But then came this winter’s rains. Officials say the levee improvements will still get done — and could even be expedited, a silver lining to the catastrophe — but the timing of the latest failure was agonizing.

“We had all this positive momentum,” said Mark Strudley, executive director of the recently formed Pajaro Regional Flood Management Agency. “The real unfortunate part about this, other than this devastation of the community, is the community losing hope in the process and being reminded of the vulnerability they’ve always carried.”

County officials have sought to reassure residents that this time will be different, but they are confronting deeply held frustration and skepticism after decades of broken promises.

“It’s a new team at the county since 1995,” said Nicholas Pasculli, a Monterey County spokesman. “We’re committed, there’s no question about it. We want Pajaro to come back and we want it to be stronger and better, and people aren’t going to rest until that happens.”

‘A humanitarian crisis’

Andres Gonzalez Vaca awoke after midnight on March 11 in his apartment at the back of a used-car lot. The town was being evacuated, and water was beginning to pool on the low-lying pavement.

His family of five had no time to pack. Vaca picked up his 7-year-old daughter and they piled into his truck, without shoes or a change of clothes. Vaca, 45, works in nearby strawberry fields and said he hasn’t received any support from the government, aside from a voucher that allowed his family to stay in a hotel for a couple days.

He returned home to a terrible scene: Thick mud had spread over his driveway and inside his house, caking his daughter’s favorite teddy bear and the framed photo of him and his wife on their wedding day.

“We lost everything in sight,” he said. “We lost the beds of the girls, all their clothes, mattresses, food that we had stored in the garage, our furniture, the refrigerator, the washing machine. We lost it all.”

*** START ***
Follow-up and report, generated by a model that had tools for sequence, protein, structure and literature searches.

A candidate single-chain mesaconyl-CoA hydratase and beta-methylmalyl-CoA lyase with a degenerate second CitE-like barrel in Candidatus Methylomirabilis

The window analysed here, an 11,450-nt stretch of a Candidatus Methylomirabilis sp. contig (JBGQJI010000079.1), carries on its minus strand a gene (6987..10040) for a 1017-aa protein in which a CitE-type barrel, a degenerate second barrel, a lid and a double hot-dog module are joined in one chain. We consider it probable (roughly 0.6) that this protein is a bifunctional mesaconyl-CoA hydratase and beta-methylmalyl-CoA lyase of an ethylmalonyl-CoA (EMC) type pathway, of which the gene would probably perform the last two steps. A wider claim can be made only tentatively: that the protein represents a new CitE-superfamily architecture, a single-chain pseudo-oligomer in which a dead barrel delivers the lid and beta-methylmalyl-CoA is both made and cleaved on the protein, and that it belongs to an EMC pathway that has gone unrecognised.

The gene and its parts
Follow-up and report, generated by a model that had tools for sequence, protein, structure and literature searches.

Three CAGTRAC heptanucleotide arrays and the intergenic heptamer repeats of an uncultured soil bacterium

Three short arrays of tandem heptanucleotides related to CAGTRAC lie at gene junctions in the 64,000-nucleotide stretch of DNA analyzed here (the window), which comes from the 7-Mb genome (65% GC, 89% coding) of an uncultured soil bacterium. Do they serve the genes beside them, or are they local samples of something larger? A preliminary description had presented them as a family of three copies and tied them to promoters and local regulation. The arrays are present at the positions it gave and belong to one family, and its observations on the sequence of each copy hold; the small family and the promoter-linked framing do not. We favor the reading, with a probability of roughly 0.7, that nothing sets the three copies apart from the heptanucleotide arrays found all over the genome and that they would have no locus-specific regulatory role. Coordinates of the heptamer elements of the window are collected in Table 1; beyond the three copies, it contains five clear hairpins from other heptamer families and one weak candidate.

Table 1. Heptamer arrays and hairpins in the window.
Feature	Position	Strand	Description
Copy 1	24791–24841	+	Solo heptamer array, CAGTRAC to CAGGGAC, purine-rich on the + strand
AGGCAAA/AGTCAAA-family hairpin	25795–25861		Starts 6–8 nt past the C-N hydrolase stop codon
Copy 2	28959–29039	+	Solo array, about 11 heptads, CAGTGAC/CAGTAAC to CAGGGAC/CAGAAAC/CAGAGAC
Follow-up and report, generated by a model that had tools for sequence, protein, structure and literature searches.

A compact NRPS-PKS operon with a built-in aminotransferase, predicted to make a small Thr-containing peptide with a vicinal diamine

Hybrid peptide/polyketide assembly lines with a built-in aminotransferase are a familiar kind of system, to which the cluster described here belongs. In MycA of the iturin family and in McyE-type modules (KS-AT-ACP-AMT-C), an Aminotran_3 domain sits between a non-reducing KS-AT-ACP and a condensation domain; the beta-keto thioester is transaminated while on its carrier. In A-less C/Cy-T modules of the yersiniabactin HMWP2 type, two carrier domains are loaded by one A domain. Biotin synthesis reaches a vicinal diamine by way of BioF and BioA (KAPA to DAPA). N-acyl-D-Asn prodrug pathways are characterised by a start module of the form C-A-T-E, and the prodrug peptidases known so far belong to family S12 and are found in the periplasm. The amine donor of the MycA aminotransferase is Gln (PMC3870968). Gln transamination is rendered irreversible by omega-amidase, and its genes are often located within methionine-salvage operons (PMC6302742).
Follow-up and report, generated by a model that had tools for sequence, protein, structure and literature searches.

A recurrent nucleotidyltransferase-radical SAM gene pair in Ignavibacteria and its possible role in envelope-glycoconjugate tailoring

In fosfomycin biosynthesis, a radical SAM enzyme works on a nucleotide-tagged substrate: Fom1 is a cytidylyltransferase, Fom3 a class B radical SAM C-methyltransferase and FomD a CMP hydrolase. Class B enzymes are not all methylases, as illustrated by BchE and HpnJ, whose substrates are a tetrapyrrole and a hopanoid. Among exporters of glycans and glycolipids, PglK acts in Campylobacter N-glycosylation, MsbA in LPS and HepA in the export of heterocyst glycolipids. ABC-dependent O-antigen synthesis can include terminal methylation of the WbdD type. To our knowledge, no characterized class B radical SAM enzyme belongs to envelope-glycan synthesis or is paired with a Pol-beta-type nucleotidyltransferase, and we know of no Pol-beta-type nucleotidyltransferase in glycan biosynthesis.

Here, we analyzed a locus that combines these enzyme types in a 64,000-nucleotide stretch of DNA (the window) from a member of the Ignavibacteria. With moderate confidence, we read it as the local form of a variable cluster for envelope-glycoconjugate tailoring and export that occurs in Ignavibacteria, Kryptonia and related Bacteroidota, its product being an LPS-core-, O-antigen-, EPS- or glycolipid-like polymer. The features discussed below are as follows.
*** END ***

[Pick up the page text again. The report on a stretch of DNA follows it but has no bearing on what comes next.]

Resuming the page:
The hundreds of acres of flooded farmland will have to be fallowed for up to two months, according to federal rules, because the water may be tainted by contaminants or sewage. For laborers like Vaca, this could mean months without work.

“Now the people who were living paycheck to paycheck are in several thousand dollars of debt and will incur several thousands more just to try to rebuild, just to clean up period,” said Tony Nuñez. He is with Community Bridges, a nonprofit assisting with disaster recovery. “There’s no way to describe it other than a humanitarian crisis.”

State audits and independent researchers have found that California is unprepared to protect its most vulnerable residents, especially undocumented Latino and Indigenous immigrants, who are ineligible for federal disaster relief funds and unemployment insurance benefits. This gap has a particularly profound impact in Pajaro, as Monterey County is home to one of the largest shares of undocumented immigrants in the state. More than 1 in 10 identify as Indigenous, according to a recent report, which acknowledges the actual share is probably much higher. These residents face additional obstacles, and they often find resources are unavailable in Mexican Indigenous languages such as Mixtec and Triqui.

Local nonprofits and mutual aid groups are trying frantically to fill the breach in services, collecting donations, delivering essential supplies and giving out free meals. One group, Campesina Womb Justice, has raised more than $150,000 for direct aid for farmworkers.